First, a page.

I was a legislative staffer in the Michigan House of Representatives from 2015-2022, starting as a Legislative Assistant and ending as a Legislative Director before moving onto Grassroots Midwest.
As a legislative assistant to a member of the House you are mainly focused on constituent-specific issues. When a resident of the member’s district contacts the office, they are typically greeted by the Legislative Assistant. In this role you are essentially the face of the office who works on any issue a constituent has with a state agency, scheduling meetings for the member, organizing in-district office hours and scheduling events for the member to attend back home. The Legislative Assistant is arguably the most important position in the office considering they are the one getting the Representative to the right place on time and spending the majority of their time helping the constituents of the members district.
As the Legislative Director, your job is more focused on the member’s policy initiatives and helping them navigate and keep track of the many bills that are introduced and sent to their committees. The majority of your time in this role is spent reviewing legislation and preparing the Representative for committee and House session, while also participating in meetings with stakeholders who have interest in a bill that will be brought before the Representative. While reviewing the legislation it is important to inform the Representative of every argument in support and opposition to the bill (if there are more than one) in order for them to have as much information as possible before they make a decision.
In my experience, the office dynamic was best when both staffers worked together to solve issues. It was always a priority to provide the Legislative Assistant with opportunities to do policy work as well.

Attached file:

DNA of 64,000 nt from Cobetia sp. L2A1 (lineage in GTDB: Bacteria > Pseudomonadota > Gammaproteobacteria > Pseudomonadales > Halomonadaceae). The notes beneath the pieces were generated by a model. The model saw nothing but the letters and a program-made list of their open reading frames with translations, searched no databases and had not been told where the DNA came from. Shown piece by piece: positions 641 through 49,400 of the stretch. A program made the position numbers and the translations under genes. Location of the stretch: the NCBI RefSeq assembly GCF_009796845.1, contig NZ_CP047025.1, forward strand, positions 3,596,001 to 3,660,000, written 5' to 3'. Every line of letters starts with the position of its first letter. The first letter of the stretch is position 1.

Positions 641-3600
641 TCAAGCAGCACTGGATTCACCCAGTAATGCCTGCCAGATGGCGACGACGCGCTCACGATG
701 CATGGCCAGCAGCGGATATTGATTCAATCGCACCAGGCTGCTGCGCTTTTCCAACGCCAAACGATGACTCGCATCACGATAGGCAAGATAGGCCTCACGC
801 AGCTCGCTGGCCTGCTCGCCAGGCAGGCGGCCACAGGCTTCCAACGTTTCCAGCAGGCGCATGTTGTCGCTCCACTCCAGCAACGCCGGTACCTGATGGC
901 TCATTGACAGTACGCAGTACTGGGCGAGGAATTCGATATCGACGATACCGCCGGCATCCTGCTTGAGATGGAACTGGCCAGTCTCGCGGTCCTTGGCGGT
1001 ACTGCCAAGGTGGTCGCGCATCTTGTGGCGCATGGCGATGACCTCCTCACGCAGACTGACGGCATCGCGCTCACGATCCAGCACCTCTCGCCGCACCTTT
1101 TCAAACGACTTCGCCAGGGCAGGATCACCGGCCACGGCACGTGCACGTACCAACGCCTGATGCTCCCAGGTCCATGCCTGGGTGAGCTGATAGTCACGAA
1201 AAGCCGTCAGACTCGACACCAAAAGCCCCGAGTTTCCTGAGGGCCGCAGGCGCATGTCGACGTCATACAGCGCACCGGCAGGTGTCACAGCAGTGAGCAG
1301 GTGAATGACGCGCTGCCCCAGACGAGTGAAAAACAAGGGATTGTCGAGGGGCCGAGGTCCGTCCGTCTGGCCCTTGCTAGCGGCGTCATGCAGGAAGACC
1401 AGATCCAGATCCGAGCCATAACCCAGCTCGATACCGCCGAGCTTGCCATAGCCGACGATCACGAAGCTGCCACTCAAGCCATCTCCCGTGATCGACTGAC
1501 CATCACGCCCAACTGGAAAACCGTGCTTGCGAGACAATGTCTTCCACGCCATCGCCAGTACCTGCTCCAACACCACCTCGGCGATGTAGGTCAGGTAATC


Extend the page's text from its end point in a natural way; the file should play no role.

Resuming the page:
The work in the office is not the only aspect of the job either. In order to keep your job, you needed to make sure your member was going to win their re-election which in turn means you’re simultaneously working on the campaign. State law prohibits campaign work from being done on state time or property and with state resources. That means all of the campaign work either had to be done in your free time, or you had to use vacation time. When I left the House, having seven years of service under my belt, there were very few staffers still there from when I started. Legislative staff turnover is extremely high due to the effort required to do the job well, and the level of stress that comes along with it, especially in an election year.
Although I am extremely happy to be where I am today, I remain proud of the time I spent working in the House. It provided me with an opportunity to work with some great people and I gained valuable insights to the issues impacting our state. Of course there’s more I wish I could have done during my tenure in the House, but I am glad to be working in a different enterprise while I continue to pursue my career in Michigan politics.